Mitochondria are organelles surrounded by membranes, distributed in the cytosol of most eukaryotic cells. Its main function is the conversion of potential energy of pyruvate molecules into ATP. (Photo credit: Wikipedia) The term 'mitochondria' is not alien to many. School level science introduced us to it, where we were told that these thread-granules (literal translation from Greek) were the power houses of the cell. They make energy in the form of ATP (adenosine triphosphate), something that the cells can use and that was all we ever needed to know. But these organelles have their own history and their own secrets that are so grave, that they would even put a Dan Brown novel to shame. Well, let us begin with some history.
Background (we have been outsourcing since the begining of time!!- it seems)
Although, we are very comfortable with the concept of mitochondria supplying power to the cell, many are surprised, when they get to know that the mitochondria were not originally a…

Beetle Beauty!!

050 Namib Ground Beetle_1 (Photo credit: tok tokkie) Ever seen a water bottle the size of a beetle? What if, we told you that the bottle fills itself? Sounds like a miracle, doesn't it? The Namib beetle belonging to the Stenocara genus is here to demonstrate this miracle. Found in the world’s oldest desert, the Namib desert, this beetle demonstrates an indigenous method of obtaining water from the arid surroundings.

Are you in sync with your microbes?

Bacteria, fungi and viruses are better known for the harm they cause and are usually associated with the words such as infections, fever and at times, even cancer.  The pharmaceutical industry spends billions of dollars every year in attempts to develop new antibiotics, new methods of treatment for ailments caused by infections of these micro-organisms while health care providers spend resources to prevent such infections from occurring in first place.  But what if, the microbes are not meant to be kept away? What if we are looking at the problem the wrong way? What if the microbes are not the problem at all? Confused? Let us explain!
Why micro-organisms?

Although we first became aware of micro organisms in the year 1675, microbes are estimated to have occupied Earth almost 4 billion years ago. Not only are they the earliest inhabitants, they are also the most versatile and the most ubiquitous of all life forms. The total number of micro organisms on our Earth is estimated to be 50000…

Survival of the smallest!

In a billion years from now, the Earth will be inhabited just by microbes. Not animals, not cockroaches but microbes. This conclusion is a result of a computer model used by researchers to predict the status of life on Earth after a few billion years.

As years pass by, the augmenting luminosity of the Sun will create an unfavourable rather intolerable environment for humans, plants and animals alike on our planet. The increased temperatures of up to 100 degrees Celsius  will lead to the evaporation of oceans which in turn will lead to increased salinity of large water bodies, high atmospheric pressure and a drastic reduction in oxygen and carbon dioxide content. The poisonous, high pressure, high salinity and zero-oxygen condition will only be withstood by organisms that already survive under such extreme conditions and are called “extremophiles”.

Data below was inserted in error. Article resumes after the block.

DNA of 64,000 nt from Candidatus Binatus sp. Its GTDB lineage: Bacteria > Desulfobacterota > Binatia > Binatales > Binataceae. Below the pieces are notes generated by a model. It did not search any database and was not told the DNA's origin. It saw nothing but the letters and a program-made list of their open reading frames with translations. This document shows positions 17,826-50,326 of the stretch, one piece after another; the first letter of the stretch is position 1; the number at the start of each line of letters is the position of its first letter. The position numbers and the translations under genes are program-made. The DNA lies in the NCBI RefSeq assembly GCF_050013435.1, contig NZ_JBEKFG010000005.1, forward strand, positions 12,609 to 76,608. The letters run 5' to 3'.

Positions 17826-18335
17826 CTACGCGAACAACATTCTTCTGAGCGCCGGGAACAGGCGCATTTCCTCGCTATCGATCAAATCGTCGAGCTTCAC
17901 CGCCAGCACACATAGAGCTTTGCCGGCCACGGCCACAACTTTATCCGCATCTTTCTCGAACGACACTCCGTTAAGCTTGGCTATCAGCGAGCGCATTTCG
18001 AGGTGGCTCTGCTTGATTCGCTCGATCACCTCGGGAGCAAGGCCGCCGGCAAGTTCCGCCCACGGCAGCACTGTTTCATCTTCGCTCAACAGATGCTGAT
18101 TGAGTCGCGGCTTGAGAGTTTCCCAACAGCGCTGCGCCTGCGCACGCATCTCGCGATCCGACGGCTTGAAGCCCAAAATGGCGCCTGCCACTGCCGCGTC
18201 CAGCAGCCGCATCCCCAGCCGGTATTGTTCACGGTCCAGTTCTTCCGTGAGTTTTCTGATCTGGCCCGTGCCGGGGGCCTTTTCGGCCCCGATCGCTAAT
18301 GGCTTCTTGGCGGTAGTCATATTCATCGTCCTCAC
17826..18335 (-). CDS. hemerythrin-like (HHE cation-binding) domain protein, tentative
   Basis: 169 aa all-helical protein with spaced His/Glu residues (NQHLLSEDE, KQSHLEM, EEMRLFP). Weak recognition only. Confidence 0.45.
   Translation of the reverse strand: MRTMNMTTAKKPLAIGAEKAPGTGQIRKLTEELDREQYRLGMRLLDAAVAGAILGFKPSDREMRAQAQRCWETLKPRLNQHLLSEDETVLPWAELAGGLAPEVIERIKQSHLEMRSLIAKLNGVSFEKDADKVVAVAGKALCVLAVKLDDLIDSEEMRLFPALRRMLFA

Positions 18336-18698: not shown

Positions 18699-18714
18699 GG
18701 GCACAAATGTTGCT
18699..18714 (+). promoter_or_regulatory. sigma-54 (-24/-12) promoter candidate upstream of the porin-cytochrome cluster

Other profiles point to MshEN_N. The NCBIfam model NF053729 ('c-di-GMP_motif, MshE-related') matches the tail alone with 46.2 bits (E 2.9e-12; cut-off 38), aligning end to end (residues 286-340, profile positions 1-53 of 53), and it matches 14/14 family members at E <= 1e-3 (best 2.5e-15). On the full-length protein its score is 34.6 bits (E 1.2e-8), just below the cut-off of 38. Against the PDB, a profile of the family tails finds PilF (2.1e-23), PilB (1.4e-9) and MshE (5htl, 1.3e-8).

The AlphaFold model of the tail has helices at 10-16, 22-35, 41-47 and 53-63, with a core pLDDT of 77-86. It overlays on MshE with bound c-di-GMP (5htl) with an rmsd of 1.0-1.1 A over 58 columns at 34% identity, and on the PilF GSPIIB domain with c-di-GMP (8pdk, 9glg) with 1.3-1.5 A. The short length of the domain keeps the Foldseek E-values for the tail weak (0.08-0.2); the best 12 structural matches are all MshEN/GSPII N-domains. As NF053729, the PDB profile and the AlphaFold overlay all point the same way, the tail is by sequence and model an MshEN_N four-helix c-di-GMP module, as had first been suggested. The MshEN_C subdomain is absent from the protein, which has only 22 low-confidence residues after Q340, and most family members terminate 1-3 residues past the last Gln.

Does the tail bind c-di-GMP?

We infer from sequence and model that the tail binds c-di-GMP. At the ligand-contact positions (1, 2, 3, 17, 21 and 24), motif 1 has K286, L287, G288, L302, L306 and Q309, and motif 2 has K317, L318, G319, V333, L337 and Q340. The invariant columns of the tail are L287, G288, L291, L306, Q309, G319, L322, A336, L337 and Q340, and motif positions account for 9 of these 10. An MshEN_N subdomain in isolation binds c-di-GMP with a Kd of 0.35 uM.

Desert ants sprinting on scorching sand, spiders in snowy areas and beetles with antifreeze blood are some of the creatures identified as ext…

Is the Earth's gravity same everywhere?

Earth's gravity measured by NASA's GRACE mission, showing deviations from the theoretical gravity of an idealized smooth Earth. (Photo credit: Wikipedia)When you drop something, it falls downwards towards the ground. Why does it fall down? Why not up? All such questions were answered with a 7 lettered word-GRAVITY. Gravity is an attractive force and is stronger on Earth as compared to our Moon due to larger mass. When you drop an object it falls towards the ground and when it is dropped from a greater height it falls towards the ground with greater speed and impact. The greater impact and speed is attributed to acceleration (the rate of change of speed) which is higher due to gravity.
The force of gravity is inversely proportional to the radius of the Earth, that's what our textbooks said in school. But a recent press release from the European Space Agency, showed that the shape of the Earth is not a perfect sphere but a geoid or ellipsoid, bulging slightly at the equator a…

Strange laws of attraction in birds!!!


Free or not to be free!

Like any other task funded by the government, scientific research, too, is conducted from the tax payers money. Similar to actors who look forward to working with the big banners of the production fraternity, scientists too are attracted by the big banners of the publication fraternity and often submit their work for publication with these journals. Once this work is accepted for publication, all information is locked behind high security doors on web servers and opens up, if and only if, you agree to the pay to view this information. Although, a common man does not come across such gateways in their day-to-day lives, many students of science often do and the more or less standard price to view one research paper for 24 hours is $ 40.  The obvious question that arises is, if I am fueling the research, why should I have to pay to view it?

The answer is very simple. It is because the publication houses saw an opportunity to make money and exploited it. Universities across the world spend…